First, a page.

By J. Sivert. Harding University. 2018.

Infidelity is said to affect a large number of couples and presents particular challenges order fertomid 50 mg online. In Chapter 19 generic fertomid 50 mg with amex, Lusterman explores issues related to working with couples who have been touched by infidelity and proposes an effective model for intervention order fertomid 50mg without a prescription. Psychotherapists are often uncomfortable with exploring spiritual issues in therapy cheap 50mg fertomid with visa. Yet, spiritual and religious differ- ences, like other forms of cultural difference, contribute to some couples’ dissatisfaction with their relationship. Serlin (Chapter 20) considers how to interweave spiritual concerns in the course of psychotherapy. While couples comprised of two same-sex partners share many of the same issues as het- erosexual partners, Alonzo (Chapter 21) describes some unique issues for gay or lesbian couples. Kaslow (Chapter 22) examines the impact of socio- economic factors on couples’ functioning and describes some approaches to working with money issues in therapy. Not all couples presenting for psychotherapy are there to improve the couple’s bond. Some couples initiate therapy to provide a smoother transi- tion to divorce, while other couples initiate therapy in the hopes of sav- ing their relationship but ultimately decide instead to focus on marital 4 S ETTING THE STAGE FOR WORKING WITH COUPLES dissolution. Finally, while many of the chapters interweave empirical information with clinical information, in Chapter 24, we consider what the research has to tell us about the nature of couples functioning and the effectiveness of our interventions. Stabb reviews both the literature on well-functioning and dysfunctional couples and research that elucidates what is useful in couples therapy interventions. Chapter 25 summarizes the multiplicity of threads that have been developed in the many outstanding contributions to this volume. Nonetheless, since couples and families provide the major building blocks of our society, the work that we do in shoring up the foundations has impact beyond those we touch di- rectly. As we know from systems theories, the concentric circles of involve- ment of the individuals who comprise our families and couples, within the larger context of our communities and cultures, makes our impact ricochet from its point of impact to the entire pond. As such, couples therapists have the possibility of being change agents at a much wider scale than they may have believed. Number, timing and duration of mar- riages and divorces: 1996 (Current population reports). SECTION I LIFE CYCLE STAGES CHAPTER 2 Premarital Counseling from the PAIRS Perspective Lori H. Adams HE PREMARITAL COUPLE treads a challenging path between falling in love and solidifying a commitment. Premarital couples seek profes- Tsional help to prevent or to understand and resolve relationship diffi- culties that may have arisen even before marriage. The status and circumstances of premarital couples seeking help vary from the young- and-inexperienced to the previously married (with or without children) to long-term cohabiters who have not committed to marriage. Statistics tell us that the likelihood they will find happiness and longevity in marriage is despairingly low whereas 90% of couples married during the years 1945 to 1949 made it to their 10-year anniversary. Forty years later, barely 70% of those married during the years 1985 to 1989 celebrated a decade of wedded bliss—and the statistics continue to decrease (Fleming, 2003). Premarital couples seek assurance that they can create a lifelong inti- mate partnership. Each partner needs accurate concepts, conducive atti- tudes, technical knowledge and skills, and practiced competencies to sustain a loving relationship. As in ballroom dancing, the couple relation- ship gains best through co-learning, by acquiring and practicing these in- timate relationship skills together. The couple needs to acquire high levels of skill to continue dancing lovingly in the face of changing family life with its unrelenting and often discouraging economic, domestic, and parental responsibilities. The counselor, who wishes to effectively offer such knowledge and skills to couples, needs to undertake relevant profes- sional training. The creator and developer of PAIRS (co-author Lori Gordon), on the demise of her own 17-year marriage, set out to find missing answers. PAIRS is drawn from many emerging humanizing in- terpersonal therapies of the second half of the twentieth century (Satir, Casriel, Bach, Sager, Brandon, Framo, Bowen, Wynne, Perls, Guerney, Brandon, Zilbergeld, etc. Gordon has refined the keys to intimacy and shaped and polished the training exer- cises needed to create deep personal transformative learning by relation- ship partners. PAIRS has been experienced by tens of thousands of couples, many who were on the brink of divorce (DeMaria, 1998); and by tens of thou- sands of individuals, wanting to develop skills to prevent a repeat of the devastation of relationship breakup.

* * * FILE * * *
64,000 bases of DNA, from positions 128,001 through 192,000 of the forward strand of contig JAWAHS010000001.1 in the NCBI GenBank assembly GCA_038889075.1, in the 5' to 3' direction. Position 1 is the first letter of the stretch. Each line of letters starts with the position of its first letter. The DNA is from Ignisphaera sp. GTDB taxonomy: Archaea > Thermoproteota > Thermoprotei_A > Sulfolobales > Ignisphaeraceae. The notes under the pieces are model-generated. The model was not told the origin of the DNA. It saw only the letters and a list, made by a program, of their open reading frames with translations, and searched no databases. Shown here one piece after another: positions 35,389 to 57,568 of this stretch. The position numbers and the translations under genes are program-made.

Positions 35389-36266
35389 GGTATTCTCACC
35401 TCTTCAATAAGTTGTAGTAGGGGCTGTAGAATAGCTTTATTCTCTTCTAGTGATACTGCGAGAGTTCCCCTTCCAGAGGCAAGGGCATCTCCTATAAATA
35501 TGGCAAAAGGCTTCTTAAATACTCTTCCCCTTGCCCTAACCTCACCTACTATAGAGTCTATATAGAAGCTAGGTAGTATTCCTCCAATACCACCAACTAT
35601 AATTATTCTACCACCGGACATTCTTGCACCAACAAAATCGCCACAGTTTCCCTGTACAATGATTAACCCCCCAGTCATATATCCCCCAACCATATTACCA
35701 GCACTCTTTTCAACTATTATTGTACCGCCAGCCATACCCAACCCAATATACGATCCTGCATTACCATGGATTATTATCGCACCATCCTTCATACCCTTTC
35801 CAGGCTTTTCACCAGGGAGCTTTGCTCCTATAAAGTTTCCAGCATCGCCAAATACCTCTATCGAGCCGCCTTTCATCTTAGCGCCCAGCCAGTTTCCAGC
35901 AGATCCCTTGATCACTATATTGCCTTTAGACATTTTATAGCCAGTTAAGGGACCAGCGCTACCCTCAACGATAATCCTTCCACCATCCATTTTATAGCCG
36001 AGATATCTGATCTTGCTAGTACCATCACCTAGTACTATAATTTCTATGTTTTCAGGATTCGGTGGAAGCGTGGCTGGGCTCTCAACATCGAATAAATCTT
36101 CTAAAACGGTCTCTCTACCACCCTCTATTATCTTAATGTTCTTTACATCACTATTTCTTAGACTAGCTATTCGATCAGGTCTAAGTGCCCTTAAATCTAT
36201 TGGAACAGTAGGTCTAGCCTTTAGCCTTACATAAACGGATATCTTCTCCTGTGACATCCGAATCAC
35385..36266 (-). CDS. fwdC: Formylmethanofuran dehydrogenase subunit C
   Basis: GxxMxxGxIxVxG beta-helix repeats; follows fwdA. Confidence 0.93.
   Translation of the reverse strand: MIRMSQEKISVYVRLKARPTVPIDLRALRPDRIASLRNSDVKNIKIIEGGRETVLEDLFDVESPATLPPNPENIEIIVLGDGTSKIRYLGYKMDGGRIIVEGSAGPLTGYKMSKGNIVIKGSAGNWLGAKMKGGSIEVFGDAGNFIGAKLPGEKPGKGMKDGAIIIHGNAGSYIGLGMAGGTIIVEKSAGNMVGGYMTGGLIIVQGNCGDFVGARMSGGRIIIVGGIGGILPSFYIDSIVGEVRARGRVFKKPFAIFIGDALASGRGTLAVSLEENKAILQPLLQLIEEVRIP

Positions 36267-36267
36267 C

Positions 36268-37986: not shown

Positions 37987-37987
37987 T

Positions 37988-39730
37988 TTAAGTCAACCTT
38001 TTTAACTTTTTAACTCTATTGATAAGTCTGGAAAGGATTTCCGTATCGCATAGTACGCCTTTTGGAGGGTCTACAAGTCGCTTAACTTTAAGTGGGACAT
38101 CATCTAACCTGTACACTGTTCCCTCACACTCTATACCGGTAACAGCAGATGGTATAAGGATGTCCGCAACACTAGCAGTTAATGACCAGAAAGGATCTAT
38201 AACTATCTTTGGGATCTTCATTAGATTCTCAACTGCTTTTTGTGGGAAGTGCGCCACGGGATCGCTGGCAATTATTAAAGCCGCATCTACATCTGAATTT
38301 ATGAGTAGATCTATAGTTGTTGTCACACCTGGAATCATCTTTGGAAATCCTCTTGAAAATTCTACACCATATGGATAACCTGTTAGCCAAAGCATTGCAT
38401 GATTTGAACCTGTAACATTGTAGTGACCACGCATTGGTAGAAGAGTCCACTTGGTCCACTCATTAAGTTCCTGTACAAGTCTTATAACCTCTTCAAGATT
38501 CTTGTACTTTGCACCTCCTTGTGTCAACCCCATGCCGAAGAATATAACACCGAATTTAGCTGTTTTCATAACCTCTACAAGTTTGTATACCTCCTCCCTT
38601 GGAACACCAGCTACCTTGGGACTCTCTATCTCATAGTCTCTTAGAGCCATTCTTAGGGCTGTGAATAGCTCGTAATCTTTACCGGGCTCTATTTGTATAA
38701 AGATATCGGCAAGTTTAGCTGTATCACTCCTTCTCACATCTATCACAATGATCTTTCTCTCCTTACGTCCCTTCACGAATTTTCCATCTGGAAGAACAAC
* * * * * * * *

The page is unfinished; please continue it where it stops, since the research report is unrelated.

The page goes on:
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First purchase 50mg fertomid mastercard, all patients were served by the National Although self-perception of health is heavily influenced Health Service purchase fertomid 50mg line, which appeared to have requisite features by an individual’s disease burden and its current activity fertomid 50 mg line, for satisfactory geriatric care discount 50 mg fertomid free shipping. All enrollees had a desig- norms and expectations concerning health in the group nated primary care community physician, who received against which one measures health and dependence also an annual sum to provide care at no cost to the patient. Those over age 65 generally give more When relatives were questioned about their older fam- positive evaluations of their healthiness in the face of ily members, one-third responded that medical care was increasing burden of disease and disability. Brody also demonstrated minimizing of prob- lems11; of 20 potentially Serious symptoms (e. In either case, late recognition unsteady on feet), only a slight majority were reported at and delayed intervention are the usual outcome. Previ- all, and most of the reports were to a family member ous neglect of symptoms by health care professionals is rather than a health professional. Explanations were "no also likely to teach older patients that frailty and loss of big deal; nobody cares; nothing can be done about it" or independence are normal and to be expected with aging; "don’t want to bother people. Besdine cally ill individuals who were surveyed in one study failed toms to aging and reacted to those symptoms by (1) to report at least one disease. As with many "old saws" about Among patients seen in the emergency room for chest older persons, the stereotypical image of hypochondria- pain due to cardiac ischemia, elderly patients were more cal older patients could not be documented. Among elderly among nonhypochondriacal patients, complaints in older (70–80 years old) and very elderly patients (>80 years adults are more often "validated" by the identification of old) whose chest pain represented acute myocardial disease than in younger persons. Rehabilita- many symptoms classically associated with common tion to independence from these losses is difficult; per- diseases were often considered by community-dwelling manent dependence in spite of "successful" treatment elderly to be normal for old people. The message to clinicians is clear: aggressive symptoms, such as blackouts or paralysis of a limb, were case-finding and surveillance of at-risk older persons is understandably not considered to be normal. However, necessary to prevent perpetuation of the discouraging although nonspecific symptoms of psychiatric distur- and expensive pattern of late discovery of disease re- bances were also frequently considered not normal, they sulting from insufficient symptom reporting by older were not considered to represent disease. It may be that In addition to provider-related reasons, failure by older underreporting is a cohort phenomenon, likely to abate persons to recognize symptoms as abnormal may help as contemporary generations of Americans age, aware of explain why depression is frequently underreported and the benefits of medical intervention and having height- undertreated. For the present, clinicians assumes more importance, because it has been shown should expect symptom underreporting by their older that, compared with younger suicide cases, older suicides patients. Recent data suggest that African-American health-promoting behavior, they were also least likely to and Hispanic women use complementary and alternative take action in response to symptoms of serious illness. Clinical Approach to the Older Patient 151 health care demands that physicians and other providers That night, she develops atrial fibrillation; evaluation understand diversity and its relationship to care. Over the next Goldstein and Griswold27 point out that the challenge 5 days, although hemodynamically stable, she is in and to acquire competence and sensitivity in dealing with out of atrial fibrillation; she is found hemiplegic and patients of diverse cultures is especially important for aphasic on the 6th postoperative day. Evaluation reveals health professionals in gateway cities, in urban commu- mural thrombus and left ventricular clot. The broad doubly incontinent, confused, aphasic, and requiring total categories commonly used to define ethnic minorities— nursing care. African-Americans, American and Alaskan Natives, Her prefracture problem list of (1) degenerative Asian-Americans, and Hispanics—do not capture the osteoarthritis of the knee causing slow gait, (2) atrophic wide array of cultural differences that can affect defini- vaginitis causing urinary urgency, (3) osteoporosis, (4) tion of illness and selection of treatment. It is important cataracts, (5) periodontal disease, (6) type II diabetes to view elders with multicultural sensitivity and to under- mellitus, and (6) coronary insufficiency had never been stand that there may be great heterogeneity within cul- assembled or considered by her physician, who thought tural or ethnic groups. Another unique Her gait had not been evaluated, either for primary challenge is presented by the care of persons who have treatment of the underlying arthritis nor for support with come to the United States in late life, often to join sons a walking aid. Her cataracts had not been considered, nor and daughters who previously emigrated. Late detection of treat- able problems whose neglect and interaction have led to Multiple Pathology functional decline is common in older patients and can Multiple pathology, or concurrence of diseases, is com- be one of the few discouraging features of geriatric care. An early Scottish study of Preventive dental and medical care could have avoided community-dwelling persons over age 65 reported 3. Multiple pathology poses multiple risks to older A second risk is that unidentified multiple pathologies patients and their physicians. The more frail and delicately compensated 82-year-old man with coronary heart disease and im- the patient, the more quickly unattended disease pro- paired systolic function presents to an urgi-center for duces major functional losses; these can be permanent in shortness of breath; treatment is begun with furose- spite of subsequent detection and treatment. Diabetes mellitus (type II, dwelling widow who walks slowly and limps because of diet-controlled), prostatism, and early Parkinsonian left knee pain, who chews incompletely because of gum gait are not considered. Dehydration is precipitated by pain, who sees poorly, and who has urinary urgency and furosemide and exacerbated by poor oral intake result- "a touch of diabetes.